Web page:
Amazing life found in the Work is Yours

I participated and led the discussion of Chapters 10-12 of the Work is Yours by Br. Luke Salm in the faci applicant training for FORMDEV. This book that I’m referring to is a biography of St. John Baptist De La Salle, the universal patron saint of the teachers. Of course, since I am part of FORMDEV, I need to know the life of our founder and share it to other students. The book is very comprehensive and detailed on some key events in St. La Salle’s life from his ancestors to his childhood and to his fulfillment of mission (and death eventually). It showed different key people that played a role in St. La Salle’s life may it be positive or negative.

Anyway, I won’t further give my feedback regarding the contents of the book since this is not a book review although I can say that the book is a very good documentation of one’s biography. I would like to focus more on its contents- the wonderful and extraordinary life of St. La Salle. When you start reading “The Work is Yours” you will see that the ancestors of St. La Salle were rich and even his immediate family (from both mother and father side). That’s why it is very inspiring to think of St. La Salle as a person who gave up a “good” life (meaning, giving up all of his wealth and become literally poor) just for the sake of building schools for the poor and educating them as well.

Aside from that, I would like to stress three points of realization. First, the most important of all, St. La Salle was able to contribute a lot in the field of education (teaching, management and the like). When you study his life, he opened schools for those who cannot afford going to school. He therefore managed classroom size lectures and started training teachers- not just teachers but Christan brothers as well. They not only teach in classrooms but they are also involved in community involvement (like visiting the sick and in prison to name some) and spiritual life. He also revised the subjects to be taught and focused not only in the arts but also in sciences. This made a significant change in the education in France and to the rest of the world as well. But this change also brought criticisms from the church and different sectors as well. This leads to my second realization- good works are obstructed by people who should be supporting it.

Some signifcant people in the church like archbishops and priests, didn’t take the mission of St. La Salle helpful and important. The main “villain” in St. La Salle’s life was Fr. De La Chetardie who backed down in his plans. Furthermore, since the Lasallian schools were starting to grow, other educational institutions got envious with the former’s growth. They filed cases against De La Salle. While some succeeded, it didn’t stop St. La Salle from building more schools in different places. But the most challenging experience that he faced was when he was abandoned by some of the Brothers. He almost gave up but still went back after sometime in becoming the leader of the Christian Brothers.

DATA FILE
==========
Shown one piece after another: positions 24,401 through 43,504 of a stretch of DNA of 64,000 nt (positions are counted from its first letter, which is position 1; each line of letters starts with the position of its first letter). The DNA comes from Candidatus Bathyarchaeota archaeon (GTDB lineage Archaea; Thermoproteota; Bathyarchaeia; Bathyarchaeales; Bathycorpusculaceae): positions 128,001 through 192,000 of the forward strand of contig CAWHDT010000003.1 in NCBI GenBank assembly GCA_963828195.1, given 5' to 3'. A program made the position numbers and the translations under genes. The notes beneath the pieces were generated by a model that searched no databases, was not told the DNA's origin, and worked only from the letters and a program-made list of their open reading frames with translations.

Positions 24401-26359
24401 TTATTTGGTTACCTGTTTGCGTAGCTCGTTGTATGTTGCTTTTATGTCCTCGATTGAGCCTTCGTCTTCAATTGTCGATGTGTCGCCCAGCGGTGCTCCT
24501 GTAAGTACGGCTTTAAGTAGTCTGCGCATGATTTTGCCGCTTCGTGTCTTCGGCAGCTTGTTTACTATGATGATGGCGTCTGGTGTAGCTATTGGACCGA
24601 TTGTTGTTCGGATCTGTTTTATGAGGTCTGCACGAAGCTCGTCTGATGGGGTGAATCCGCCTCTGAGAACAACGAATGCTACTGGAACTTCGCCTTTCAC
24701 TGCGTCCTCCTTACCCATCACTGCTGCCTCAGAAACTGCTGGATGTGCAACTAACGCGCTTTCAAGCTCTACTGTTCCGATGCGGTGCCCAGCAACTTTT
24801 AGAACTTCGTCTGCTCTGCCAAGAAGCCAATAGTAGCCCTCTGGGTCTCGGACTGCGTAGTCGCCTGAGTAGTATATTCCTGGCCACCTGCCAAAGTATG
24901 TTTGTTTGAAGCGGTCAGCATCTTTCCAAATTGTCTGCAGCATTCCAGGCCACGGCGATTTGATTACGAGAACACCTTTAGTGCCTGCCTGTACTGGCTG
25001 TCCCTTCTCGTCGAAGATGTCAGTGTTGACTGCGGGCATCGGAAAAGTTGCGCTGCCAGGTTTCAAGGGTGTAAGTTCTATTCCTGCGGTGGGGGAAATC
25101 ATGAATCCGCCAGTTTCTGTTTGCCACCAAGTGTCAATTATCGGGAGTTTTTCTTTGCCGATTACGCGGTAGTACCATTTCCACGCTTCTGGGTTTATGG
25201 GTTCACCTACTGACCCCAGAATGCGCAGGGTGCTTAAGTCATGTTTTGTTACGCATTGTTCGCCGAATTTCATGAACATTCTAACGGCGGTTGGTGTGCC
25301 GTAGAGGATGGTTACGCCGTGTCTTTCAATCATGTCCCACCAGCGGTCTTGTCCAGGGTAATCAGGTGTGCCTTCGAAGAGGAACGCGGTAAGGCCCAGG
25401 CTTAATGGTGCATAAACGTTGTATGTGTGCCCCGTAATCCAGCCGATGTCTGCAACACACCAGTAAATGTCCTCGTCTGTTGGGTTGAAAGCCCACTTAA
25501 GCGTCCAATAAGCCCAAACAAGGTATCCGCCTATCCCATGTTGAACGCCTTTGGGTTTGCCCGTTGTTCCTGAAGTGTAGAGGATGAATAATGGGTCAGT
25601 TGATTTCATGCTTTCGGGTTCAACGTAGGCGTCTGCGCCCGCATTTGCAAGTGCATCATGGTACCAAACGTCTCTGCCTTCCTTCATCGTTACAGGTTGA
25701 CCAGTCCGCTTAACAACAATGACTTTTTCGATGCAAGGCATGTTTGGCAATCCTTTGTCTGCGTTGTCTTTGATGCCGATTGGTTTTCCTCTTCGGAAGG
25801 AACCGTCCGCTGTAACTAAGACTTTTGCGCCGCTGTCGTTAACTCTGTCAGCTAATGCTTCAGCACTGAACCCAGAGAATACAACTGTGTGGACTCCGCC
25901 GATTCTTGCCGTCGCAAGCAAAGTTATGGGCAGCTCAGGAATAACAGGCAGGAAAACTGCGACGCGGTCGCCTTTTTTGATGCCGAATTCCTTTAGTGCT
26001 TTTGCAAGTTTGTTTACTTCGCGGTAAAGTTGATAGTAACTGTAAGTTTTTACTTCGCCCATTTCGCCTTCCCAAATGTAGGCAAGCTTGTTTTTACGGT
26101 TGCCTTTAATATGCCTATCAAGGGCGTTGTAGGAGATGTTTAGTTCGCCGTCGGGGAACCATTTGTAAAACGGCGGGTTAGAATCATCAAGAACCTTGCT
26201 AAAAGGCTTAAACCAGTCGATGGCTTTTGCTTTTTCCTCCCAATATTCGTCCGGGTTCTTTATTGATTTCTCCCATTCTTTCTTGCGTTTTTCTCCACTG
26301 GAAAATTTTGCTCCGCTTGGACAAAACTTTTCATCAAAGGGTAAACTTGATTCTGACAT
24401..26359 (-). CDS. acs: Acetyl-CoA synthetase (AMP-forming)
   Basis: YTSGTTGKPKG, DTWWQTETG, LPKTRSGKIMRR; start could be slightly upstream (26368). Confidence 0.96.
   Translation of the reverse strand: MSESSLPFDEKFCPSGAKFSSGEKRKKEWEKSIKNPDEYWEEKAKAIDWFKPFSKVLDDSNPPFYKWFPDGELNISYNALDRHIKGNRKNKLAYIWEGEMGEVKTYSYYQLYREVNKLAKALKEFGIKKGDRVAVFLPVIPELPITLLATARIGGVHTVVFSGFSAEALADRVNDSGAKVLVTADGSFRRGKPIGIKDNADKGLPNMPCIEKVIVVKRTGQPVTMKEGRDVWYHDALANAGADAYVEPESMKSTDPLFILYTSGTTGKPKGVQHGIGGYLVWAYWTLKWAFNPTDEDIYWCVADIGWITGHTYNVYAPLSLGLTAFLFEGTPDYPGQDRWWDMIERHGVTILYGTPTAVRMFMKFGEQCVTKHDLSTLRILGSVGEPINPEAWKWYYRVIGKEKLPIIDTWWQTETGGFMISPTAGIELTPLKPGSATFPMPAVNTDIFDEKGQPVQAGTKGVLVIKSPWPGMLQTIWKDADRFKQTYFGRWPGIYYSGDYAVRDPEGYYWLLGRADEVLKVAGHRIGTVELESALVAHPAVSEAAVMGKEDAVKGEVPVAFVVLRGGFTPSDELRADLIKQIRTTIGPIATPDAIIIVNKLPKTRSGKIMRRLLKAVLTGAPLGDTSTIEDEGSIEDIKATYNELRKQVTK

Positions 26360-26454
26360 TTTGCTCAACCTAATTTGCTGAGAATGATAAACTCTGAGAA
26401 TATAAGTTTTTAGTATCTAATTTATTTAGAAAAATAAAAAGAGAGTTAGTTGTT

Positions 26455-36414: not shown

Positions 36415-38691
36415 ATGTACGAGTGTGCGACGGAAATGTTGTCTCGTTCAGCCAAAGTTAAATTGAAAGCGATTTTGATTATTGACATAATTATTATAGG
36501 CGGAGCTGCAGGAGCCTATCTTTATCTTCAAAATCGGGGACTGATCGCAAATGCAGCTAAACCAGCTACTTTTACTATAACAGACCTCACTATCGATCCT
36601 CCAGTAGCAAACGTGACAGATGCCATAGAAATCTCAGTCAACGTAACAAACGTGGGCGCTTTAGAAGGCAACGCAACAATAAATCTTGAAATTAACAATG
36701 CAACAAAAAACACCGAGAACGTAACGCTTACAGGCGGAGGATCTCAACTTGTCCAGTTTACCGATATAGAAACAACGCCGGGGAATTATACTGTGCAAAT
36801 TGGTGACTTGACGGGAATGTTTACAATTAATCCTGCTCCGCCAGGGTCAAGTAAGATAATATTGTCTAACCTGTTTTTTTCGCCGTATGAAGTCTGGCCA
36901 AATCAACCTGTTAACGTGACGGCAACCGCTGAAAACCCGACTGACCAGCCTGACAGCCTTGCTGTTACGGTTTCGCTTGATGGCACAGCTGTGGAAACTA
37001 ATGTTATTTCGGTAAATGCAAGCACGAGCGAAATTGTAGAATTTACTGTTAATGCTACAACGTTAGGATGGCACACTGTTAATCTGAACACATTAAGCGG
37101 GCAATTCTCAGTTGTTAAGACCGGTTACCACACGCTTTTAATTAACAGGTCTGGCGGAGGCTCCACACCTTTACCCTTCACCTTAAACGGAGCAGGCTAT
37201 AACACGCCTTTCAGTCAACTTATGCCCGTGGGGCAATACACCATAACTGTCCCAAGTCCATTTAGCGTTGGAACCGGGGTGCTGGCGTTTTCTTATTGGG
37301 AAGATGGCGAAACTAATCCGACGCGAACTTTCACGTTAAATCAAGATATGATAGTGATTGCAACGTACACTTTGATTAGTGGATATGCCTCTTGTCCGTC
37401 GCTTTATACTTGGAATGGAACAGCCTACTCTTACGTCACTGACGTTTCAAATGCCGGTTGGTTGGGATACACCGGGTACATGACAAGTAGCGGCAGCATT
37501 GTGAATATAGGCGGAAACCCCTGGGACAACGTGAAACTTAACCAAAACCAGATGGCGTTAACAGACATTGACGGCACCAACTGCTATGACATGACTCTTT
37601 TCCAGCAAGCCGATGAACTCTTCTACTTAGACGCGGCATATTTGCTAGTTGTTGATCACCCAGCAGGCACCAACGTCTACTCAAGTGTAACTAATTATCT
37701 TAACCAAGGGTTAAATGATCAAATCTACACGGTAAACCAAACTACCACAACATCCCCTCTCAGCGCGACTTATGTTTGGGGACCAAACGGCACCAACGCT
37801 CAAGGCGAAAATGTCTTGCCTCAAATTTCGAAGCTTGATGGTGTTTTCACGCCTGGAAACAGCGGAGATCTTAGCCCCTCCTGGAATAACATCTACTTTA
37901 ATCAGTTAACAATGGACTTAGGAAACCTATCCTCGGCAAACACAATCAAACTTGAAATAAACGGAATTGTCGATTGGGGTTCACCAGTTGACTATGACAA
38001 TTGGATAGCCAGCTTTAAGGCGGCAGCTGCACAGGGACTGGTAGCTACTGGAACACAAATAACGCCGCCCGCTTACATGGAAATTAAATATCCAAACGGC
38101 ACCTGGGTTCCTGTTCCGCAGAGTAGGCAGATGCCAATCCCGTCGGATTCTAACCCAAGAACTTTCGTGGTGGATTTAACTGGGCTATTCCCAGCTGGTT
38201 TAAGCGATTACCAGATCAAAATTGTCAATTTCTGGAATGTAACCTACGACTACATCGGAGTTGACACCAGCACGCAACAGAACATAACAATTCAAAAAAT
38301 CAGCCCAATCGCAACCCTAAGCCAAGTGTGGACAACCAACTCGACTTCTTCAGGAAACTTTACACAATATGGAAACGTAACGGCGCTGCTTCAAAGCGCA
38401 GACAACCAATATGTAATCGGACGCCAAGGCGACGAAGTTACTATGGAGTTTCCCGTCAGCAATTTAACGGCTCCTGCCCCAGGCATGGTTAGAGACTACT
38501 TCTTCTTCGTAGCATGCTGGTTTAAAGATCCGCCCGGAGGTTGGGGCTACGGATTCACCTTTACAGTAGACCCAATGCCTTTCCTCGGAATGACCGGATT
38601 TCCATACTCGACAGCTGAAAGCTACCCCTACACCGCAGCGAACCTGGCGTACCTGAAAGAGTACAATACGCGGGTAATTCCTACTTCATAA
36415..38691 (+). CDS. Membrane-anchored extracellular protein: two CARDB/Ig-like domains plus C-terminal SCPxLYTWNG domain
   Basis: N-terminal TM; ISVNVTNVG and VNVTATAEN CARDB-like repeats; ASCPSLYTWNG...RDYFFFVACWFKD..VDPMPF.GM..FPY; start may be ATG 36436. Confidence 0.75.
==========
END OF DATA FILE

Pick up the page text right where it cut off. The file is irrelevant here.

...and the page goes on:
The last point I would like to say is that St. La Salle’s good works were blessed by God and miracles happened to support it. For example, there were rich people in different instances who funded the necessary things that the Brothers need. When there’s famine, although all of the people suffered, they were able to bounce back easily and miraculously (food came suddenly and enough for them). Also, when some people try to contradict or disagree to the good plans of St. La Salle, other forces drove these contradictions away. And at one point, when St. La Salle was pressured by a particular individual, that person suddenly died and the pressure went away. Some of mentioned events may be considered coincidental but I’d rather call it miracle for the greater good.

I think and believe that St. La Salle deserves the title of patron saint of the teachers. Although the irony is, the Lasallian schools in the country are mostly for the rich and capable. The school has started its mission to reach out to the poor but deserving by giving out scholarships. But comparing it with the Lasallian schools in St. La Salle’s time, it was far from how schools are established in the country. Well it can be explained because of the difference in time and state of the country. But it will still go down to having responsibility in allowing education to reach poor people. That means hopefully, giving quality education to all. St. La Salle’s life is really an inspiration to all.

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